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Dilated Cardiomyopathy: DCM in Dogs

DCM is a heart condition that can lead to CHF in dogs.

Dilated cardiomyopathy in dogs occurs when the heart muscle is too weak to pump adequate amounts of blood—and therefore, oxygen—to all the body's tissues. It is a condition of the heart muscle itself.

As the heart's walls become thinner and floppier, the heart enlarges and becomes less effective. Eventually, congestive heart failure develops. That is the state in which the heart can't keep up with the oxygen demands of the body. Fluid begins to build up in the lungs, chest, or abdomen.

Dogs with DCM can also develop life-threatening heart arrhythmias (irregular heart rates).

What Causes DCM in Dogs?

DCM is suspected to be a genetically induced condition. It's the most common cause of heart disease in large breed dogs, especially Dobermans, Irish wolfhounds, Great Danes, and Saint Bernards, but is also seen in cocker spaniels.

Nutritional deficiencies in taurine or carnitine have been known to cause the condition in some breeds.

Boxer cardiomyopathy is a type of DCM caused by a heart arrhythmia.

DCM is currently being recorded in breeds it's not usually been seen in, and the FDA has identified several grain-free diets that seem to be associated with it.

Signs of DCM in Dogs

The signs of DCM in dogs may include:

  • Rapid or labored breathing
  • Coughing
  • Weight loss
  • Enlarged abdomen due to ascites
  • Decreased appetite
  • Exercise intolerance
  • Weakness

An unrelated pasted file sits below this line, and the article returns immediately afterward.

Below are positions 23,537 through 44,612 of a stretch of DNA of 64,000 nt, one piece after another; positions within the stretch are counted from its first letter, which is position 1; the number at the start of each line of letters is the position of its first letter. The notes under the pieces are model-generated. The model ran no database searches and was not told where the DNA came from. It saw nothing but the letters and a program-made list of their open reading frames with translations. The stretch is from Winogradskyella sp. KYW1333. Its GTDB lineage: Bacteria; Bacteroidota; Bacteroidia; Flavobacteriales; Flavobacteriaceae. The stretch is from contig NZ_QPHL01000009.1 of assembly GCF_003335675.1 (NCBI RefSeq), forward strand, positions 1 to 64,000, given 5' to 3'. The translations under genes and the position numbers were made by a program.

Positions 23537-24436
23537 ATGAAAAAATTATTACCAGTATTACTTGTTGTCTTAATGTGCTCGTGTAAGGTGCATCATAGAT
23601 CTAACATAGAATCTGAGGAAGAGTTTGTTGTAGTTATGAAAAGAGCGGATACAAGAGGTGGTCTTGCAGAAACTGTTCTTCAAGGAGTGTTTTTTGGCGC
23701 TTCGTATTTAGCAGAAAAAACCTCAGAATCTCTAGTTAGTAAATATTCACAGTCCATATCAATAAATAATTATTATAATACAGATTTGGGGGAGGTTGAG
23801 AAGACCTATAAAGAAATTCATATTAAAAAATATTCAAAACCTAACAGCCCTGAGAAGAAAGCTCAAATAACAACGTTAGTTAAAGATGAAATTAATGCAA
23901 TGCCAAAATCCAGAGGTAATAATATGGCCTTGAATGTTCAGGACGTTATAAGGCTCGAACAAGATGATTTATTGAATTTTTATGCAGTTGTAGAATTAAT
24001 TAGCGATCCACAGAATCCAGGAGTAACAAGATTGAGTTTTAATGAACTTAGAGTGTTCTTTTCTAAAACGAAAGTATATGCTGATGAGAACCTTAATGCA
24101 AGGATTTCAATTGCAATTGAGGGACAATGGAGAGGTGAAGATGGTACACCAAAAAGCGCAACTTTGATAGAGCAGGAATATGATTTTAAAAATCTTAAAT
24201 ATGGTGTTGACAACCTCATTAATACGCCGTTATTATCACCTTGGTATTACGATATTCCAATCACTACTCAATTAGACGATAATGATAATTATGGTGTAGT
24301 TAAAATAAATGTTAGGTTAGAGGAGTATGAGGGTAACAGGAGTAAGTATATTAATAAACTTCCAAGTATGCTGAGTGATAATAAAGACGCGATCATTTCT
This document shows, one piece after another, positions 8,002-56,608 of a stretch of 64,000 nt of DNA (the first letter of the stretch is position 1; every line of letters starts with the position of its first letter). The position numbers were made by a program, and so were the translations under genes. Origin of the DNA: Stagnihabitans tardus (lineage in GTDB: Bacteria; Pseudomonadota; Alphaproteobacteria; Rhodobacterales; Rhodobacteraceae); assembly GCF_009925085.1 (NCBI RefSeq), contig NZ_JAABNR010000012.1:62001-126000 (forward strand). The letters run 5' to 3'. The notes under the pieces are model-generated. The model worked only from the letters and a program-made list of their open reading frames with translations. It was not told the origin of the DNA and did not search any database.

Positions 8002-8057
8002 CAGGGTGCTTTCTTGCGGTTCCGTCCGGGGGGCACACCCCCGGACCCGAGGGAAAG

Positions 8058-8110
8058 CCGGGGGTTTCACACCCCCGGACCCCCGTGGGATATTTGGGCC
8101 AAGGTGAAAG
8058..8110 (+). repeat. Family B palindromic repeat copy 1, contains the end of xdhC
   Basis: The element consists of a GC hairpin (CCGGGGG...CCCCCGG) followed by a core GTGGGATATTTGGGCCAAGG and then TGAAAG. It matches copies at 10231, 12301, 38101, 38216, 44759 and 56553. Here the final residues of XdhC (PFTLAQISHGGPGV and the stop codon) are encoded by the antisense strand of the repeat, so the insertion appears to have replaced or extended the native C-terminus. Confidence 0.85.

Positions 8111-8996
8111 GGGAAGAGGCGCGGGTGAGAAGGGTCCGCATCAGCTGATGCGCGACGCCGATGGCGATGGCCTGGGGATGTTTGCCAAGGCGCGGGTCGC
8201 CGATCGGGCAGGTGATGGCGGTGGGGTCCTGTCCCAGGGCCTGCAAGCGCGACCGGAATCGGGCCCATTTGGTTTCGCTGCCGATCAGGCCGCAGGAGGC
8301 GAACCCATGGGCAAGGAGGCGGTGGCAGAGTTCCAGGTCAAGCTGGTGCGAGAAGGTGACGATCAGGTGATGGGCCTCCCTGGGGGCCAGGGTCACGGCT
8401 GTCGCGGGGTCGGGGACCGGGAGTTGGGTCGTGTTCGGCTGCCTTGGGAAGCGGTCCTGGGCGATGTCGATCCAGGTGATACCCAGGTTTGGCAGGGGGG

• Restless sleep
  • Lethargy
  • Syncope (fainting)
  • Collapse
  • Sudden death

Some dogs do not show any signs of DCM but then quite suddenly seem to develop signs of CHF, in a matter of hours. Those dogs had developing disease that came on slowly, allowing the dog to compensate until it was suddenly too much to handle.

Diagnosis of DCM in Dogs

Blood work and urinalysis of dogs with DCM are usually normal unless severe heart failure has set in.

X-rays will show a generally enlarged heart. If CHF is underway, abnormal fluid may be seen in the lung fields. Ascites (abnormal abdominal fluid) may be seen on x-rays.

Echocardiography is the best way to diagnose DCM in dogs as well as determine its stage. The veterinarian can measure the heart's walls and the blood flow.

Treatment of DCM in Dogs

When a dog is diagnosed with DCM, some of the following medications may be required depending on the individual's state:

  • Diuretics to remove extra fluid from the body
  • Heart medications that lower blood pressure or increase heart muscle contractions to make pumping easier
  • Medications that dilate arteries or veins to relieve the workload on the heart
  • Bronchodilators to ease breathing
  • Pimobendin (Vetmedin), a drug that improves the strength of the heart muscle
  • Anti-arrhythmic medications to normalize the heart rhythm

Dogs will be monitored through x-rays or echocardiograms during treatment, so medications can be adjusted as needed.

The prognosis for dogs with DCM is poor long-term. Sudden death is common.

You May Also Like These Articles:

Congestive Heart Failure: CHF in Dogs

Boxer Cardiomyopathy: Arrhythmogenic Right Ventricular Cardiomyopathy

Heart Disease in Dogs

Ascites in Dogs

Pulmonary Edema in Dogs

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